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John Sainsbury is professor emeritus of history at Brock University.

The MOOCs (massive open online courses) have arrived and are proliferating. Canadian undergraduates, like their contemporaries worldwide, will be taking an increasing proportion of their courses online rather than in a classroom with fellow students and a flesh-and-blood instructor.

MOOCs broaden access to university courses while slashing the costs of delivering them. That's why they are so appealing to financially strapped funding bodies and university administrators. Even well-endowed and prestigious universities are capitulating. Oxford University has thus far resisted. But Oxford is known as a home for lost causes; so it's the exception that proves the rule.

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Teaching faculty who oppose the trend are unlikely to be assuaged by the argument that MOOCs have appeal for a generation already immersed in electronic media. We don't turn to drug addicts to determine best pharmacological practice, the naysayers mutter.

To get some perspective on the magnitude of this pedagogical shift, and especially its implications for the humanities, let's go back some 2,400 years, to Athens, and witness Socrates and his high-born acolytes engaging in philosophical argument, recorded in Plato's dialogues, that has inspired liberal arts curriculums to the present day.

In Plato's Symposium (in ancient Greece, a symposium was an aristocratic drinking party where philosophical discussion occasionally broke out), we are offered fascinating glimpses into the milieu in which Socratic inquiry was fashioned.

Plato's account begins with most of the participants already in their cups, as they unravel the mystery of Love, with Socrates orchestrating the discussion. The flute girl is dismissed. There is a farcical moment as Aristophanes, the comic playwright, recovers from the hiccups. The party is galvanized by the arrival of the charismatic and unstable Alcibiades, Socrates' most beloved pupil and his greatest disappointment. Alcibiades regales the symposium with stories about his mentor that swing wildly between adulation and mockery. He recalls how he and Socrates had once slept together (chastely) under a sheepskin. Unfazed, Socrates resumes his discourse until the other guests leave or fall asleep.

Yet the Symposium retains its appeal even, perhaps especially, in the age of MOOCs. Philosopher Martha Nussbaum suggests the reason. "Socratic thinking is a social practice," she writes. Advocates of MOOCs point out that the medium is interactive. But an Internet chat room can hardly replicate the intensity of face-to-face dialogue.

It's safe to assume that Socrates would have been appalled by MOOCs. Rooted in an oral culture, he was suspicious even of writing, which he saw as a displacement of memory.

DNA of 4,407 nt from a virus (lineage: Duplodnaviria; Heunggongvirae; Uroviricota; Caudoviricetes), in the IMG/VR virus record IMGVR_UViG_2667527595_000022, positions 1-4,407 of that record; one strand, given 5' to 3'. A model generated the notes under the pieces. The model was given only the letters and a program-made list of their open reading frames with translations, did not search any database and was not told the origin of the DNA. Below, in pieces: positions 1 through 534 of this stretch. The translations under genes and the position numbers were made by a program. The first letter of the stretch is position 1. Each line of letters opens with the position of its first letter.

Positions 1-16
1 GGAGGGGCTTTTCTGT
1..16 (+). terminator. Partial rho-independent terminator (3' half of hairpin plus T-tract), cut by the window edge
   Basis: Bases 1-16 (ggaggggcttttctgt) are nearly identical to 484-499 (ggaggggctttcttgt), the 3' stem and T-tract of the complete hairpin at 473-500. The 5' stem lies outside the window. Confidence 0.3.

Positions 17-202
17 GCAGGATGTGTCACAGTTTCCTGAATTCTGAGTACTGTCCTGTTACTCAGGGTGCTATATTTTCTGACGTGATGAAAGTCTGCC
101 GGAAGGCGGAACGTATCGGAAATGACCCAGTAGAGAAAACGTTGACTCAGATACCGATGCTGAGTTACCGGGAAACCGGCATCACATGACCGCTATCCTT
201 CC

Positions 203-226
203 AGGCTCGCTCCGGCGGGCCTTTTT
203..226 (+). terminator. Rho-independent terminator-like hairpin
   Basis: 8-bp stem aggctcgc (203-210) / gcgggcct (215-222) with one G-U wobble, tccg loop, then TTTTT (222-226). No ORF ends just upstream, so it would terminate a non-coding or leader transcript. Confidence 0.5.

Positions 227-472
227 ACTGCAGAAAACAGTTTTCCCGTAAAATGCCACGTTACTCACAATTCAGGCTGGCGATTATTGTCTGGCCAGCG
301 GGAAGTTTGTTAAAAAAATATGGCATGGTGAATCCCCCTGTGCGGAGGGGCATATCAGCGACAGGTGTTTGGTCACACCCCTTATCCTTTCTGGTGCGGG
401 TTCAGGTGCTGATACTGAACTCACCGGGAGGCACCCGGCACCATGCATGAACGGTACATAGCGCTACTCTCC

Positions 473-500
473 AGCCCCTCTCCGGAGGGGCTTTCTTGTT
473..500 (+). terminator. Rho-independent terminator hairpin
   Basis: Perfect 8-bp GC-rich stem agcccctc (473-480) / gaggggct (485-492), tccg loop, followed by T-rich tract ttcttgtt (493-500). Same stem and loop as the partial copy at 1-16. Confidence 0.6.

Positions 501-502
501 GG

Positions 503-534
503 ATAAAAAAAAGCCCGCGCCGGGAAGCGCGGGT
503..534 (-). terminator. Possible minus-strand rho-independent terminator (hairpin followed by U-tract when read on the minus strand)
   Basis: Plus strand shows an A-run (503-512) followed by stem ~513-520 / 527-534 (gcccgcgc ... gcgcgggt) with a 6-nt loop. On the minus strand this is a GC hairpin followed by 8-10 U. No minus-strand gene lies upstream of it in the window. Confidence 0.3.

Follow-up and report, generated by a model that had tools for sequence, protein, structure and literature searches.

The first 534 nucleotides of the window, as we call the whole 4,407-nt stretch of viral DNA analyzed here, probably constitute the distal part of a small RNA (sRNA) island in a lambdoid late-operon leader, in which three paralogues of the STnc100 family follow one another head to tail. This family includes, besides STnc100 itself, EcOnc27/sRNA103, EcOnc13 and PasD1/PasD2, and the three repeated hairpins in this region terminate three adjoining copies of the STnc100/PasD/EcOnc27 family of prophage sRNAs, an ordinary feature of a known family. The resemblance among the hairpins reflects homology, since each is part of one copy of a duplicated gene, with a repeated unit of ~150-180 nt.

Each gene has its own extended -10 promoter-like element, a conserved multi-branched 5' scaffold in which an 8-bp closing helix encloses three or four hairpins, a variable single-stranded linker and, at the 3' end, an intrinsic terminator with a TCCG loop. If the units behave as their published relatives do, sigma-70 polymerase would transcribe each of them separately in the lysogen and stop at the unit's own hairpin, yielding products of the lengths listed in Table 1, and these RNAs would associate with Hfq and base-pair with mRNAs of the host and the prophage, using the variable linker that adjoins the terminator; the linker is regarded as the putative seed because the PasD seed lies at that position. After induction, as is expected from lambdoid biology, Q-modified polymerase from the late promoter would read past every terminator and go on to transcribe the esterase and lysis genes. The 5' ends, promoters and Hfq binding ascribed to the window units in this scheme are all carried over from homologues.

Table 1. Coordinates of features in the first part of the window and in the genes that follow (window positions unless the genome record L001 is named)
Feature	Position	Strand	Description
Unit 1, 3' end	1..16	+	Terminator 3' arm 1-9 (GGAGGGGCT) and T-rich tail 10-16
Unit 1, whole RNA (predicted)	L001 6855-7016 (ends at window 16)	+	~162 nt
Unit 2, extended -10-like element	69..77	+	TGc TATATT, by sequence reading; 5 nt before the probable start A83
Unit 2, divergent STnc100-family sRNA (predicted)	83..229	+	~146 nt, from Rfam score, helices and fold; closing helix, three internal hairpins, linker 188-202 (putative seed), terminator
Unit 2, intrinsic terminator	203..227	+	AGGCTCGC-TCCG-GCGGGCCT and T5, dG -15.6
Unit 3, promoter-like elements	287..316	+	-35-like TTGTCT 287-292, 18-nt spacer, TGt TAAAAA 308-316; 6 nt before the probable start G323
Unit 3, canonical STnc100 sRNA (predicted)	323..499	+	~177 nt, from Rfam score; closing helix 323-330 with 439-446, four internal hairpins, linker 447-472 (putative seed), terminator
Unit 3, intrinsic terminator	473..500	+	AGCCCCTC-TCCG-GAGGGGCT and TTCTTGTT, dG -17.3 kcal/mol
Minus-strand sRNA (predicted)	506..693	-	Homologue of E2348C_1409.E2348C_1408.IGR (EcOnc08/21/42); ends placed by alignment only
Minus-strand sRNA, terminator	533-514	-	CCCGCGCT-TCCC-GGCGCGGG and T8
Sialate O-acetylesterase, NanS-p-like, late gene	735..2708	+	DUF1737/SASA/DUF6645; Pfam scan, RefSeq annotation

Socrates would also have derided MOOCs for reasons repellent to those who uphold the principle of universal access to higher education. At his trial for corrupting the youth of Athens, Socrates compared himself to a gadfly, stinging the "large, noble horse" of Athenian democracy into life. While no one was exempt from his questioning, Socrates was no democrat and certainly no pioneer of mass education. As is made clear in Plato's Republic, initiation in the rigours of dialectical reasoning was to be confined to a select few.

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Since Socrates, every advance in the technology of communications has challenged the existing pedagogy. Yet traditional means of conveying knowledge have shown remarkable resilience, even as new technologies take hold. The formal lecture, for example, has survived the arrival of the printing press, because it presents a human dimension to the learning process.

Will the humanities survive the arrival of the MOOCs and the information revolution that is driving the MOOCs phenomenon? They can, but it will require discipline and smart thinking. First, we have to liberate ourselves from the tyranny of Marshall McLuhan's dictum that "the medium is the message." It has long since run its course, from thought-provoking aphorism to stale dogma. If the proposition were true, the humanities would be best advised to close up shop and yield to the hegemony of communication studies.

Computers can distract, confuse, and distort. But they also open a window to a cornucopia of riches for humanities scholars. Anyone who has used the British Library's magnificent online collection of illuminated manuscripts can testify to that.

Those teaching in the humanities must negotiate a steady course between the bafflegab of the technophiles and the blinkered defeatism of the technophobes. Having identified the benefits and limitations of online learning, they would then be in a stronger position to urge the inclusion of a face-to-face component, such as monthly seminars. Who knows? Perhaps Socrates and the MOOCs can be reconciled after all.

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